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TATA Power make intentions clear for renewable development

Tata Power Company Ltd has carved out a special purpose vehicle to build a robust renewables portfolio.

The company plans to invest up to Rs 4,500 crore in the next three years in the SPV, said Rahul Shah, Chief-Business Development, India Business and Renewables of Tata Power.

The special purpose vehicle Tata Power Renewable Energy Ltd may launch an initial public offer (IPO) or rope in an equity partner in the next three-five years. Energy business contributes nearly five per cent to Tata Group’s overall revenue, according to the company’s investor presentation last month.

All new renewable capacity additions by Tata Power would be done under the SPV, while the existing projects would continue to remain with the parent firm.

The private power sector player has placed orders for 182 MW of wind energy. Currently, it has installed capacity of 375 MW of wind energy. It expects to set up 40 MW of solar power in the next financial year. Of this, orders have been placed for 25 MW. Till now, it has 28 MW of installed solar capacities.

Shah said that the company would spend Rs 1,250 crore in 2013-14 to add additional capacity in renewable portfolio. A similar investment every year is projected for the next three years. The funding is to be made through 70 per cent debt and remaining equity.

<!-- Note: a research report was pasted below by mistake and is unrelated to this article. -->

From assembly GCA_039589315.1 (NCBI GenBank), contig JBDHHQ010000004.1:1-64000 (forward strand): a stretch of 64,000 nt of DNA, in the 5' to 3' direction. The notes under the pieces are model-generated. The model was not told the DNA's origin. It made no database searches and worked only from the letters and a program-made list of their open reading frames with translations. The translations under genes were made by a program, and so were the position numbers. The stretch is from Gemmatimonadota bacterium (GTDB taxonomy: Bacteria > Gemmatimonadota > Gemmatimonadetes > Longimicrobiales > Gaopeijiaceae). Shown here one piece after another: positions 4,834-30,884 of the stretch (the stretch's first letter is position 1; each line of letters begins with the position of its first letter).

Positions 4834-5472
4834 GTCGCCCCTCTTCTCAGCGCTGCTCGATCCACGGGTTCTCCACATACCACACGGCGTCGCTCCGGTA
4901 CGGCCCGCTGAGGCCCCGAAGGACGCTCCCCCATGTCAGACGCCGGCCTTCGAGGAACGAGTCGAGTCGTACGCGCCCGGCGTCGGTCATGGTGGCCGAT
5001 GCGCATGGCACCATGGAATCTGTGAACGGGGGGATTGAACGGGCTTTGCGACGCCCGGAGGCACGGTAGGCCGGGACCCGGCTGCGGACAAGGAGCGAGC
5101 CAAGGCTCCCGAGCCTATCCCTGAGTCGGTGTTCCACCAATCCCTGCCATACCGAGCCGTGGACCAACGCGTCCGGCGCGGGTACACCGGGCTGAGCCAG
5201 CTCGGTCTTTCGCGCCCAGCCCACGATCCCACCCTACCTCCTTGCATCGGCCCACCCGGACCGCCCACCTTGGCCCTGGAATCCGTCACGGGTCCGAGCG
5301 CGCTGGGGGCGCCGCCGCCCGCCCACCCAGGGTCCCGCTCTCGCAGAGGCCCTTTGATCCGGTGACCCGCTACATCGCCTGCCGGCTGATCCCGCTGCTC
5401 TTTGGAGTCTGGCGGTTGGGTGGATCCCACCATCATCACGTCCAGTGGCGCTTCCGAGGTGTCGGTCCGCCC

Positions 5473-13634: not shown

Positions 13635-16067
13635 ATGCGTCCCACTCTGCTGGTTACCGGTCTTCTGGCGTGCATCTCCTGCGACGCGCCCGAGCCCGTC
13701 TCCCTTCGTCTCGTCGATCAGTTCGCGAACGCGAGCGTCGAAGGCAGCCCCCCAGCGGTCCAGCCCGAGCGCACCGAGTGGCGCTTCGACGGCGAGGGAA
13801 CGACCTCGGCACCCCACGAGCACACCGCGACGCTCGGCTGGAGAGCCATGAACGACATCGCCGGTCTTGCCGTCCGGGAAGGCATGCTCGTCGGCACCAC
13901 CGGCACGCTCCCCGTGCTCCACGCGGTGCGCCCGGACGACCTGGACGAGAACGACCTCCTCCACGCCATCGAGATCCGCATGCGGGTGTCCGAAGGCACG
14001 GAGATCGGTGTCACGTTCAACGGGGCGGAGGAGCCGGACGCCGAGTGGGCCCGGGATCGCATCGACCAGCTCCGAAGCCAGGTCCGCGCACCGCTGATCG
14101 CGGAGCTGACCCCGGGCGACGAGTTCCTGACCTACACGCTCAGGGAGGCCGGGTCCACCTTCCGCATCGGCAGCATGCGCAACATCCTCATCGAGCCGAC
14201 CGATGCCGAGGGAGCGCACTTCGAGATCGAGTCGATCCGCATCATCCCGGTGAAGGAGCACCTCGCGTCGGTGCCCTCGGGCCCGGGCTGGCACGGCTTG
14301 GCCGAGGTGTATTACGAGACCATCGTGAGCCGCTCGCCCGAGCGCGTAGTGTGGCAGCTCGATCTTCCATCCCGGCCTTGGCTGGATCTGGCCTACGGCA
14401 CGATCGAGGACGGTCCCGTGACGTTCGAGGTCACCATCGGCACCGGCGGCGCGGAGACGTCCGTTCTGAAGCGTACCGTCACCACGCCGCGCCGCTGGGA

A Bloomberg report quoting Goldman Sachs said more than $395-billion annual investments are likely to pour into renewables by 2020. “Our mandate is that 20-25 per cent of the total installed capacity must come from clean energy,” Shah added. At present, Tata Power has an installed generation capacity of 7,700 MW in India and a presence in all the segments of the sector — generation, transmission, distribution and trading.


According to Shah, it is the time for a fixed tariff mechanism for solar power. A tariff of Rs 8 a unit, with 10 per cent of fluctuation, is ideal.

The gap between cost of grid power and solar has narrowed over the years. The cost of solar power generation has dropped to Rs 8 for every unit from Rs 16 a unit in the past two-and-half years. On the other hand, electricity from grid is hovering over Rs 3-4.5 for each unit.

The Government is toying with the idea of introducing viability gap funding in the second phase of National Solar Mission.

“The fixed tariff model is a sustainable model for solar power sector. This is because variable costs such as EPC, interest rates and project cost have stabilised,” Shah explained.


Shah said the company is also eyeing renewable projects globally. “Regulatory markets and credibility of offtake of power is our main focus,” he added.

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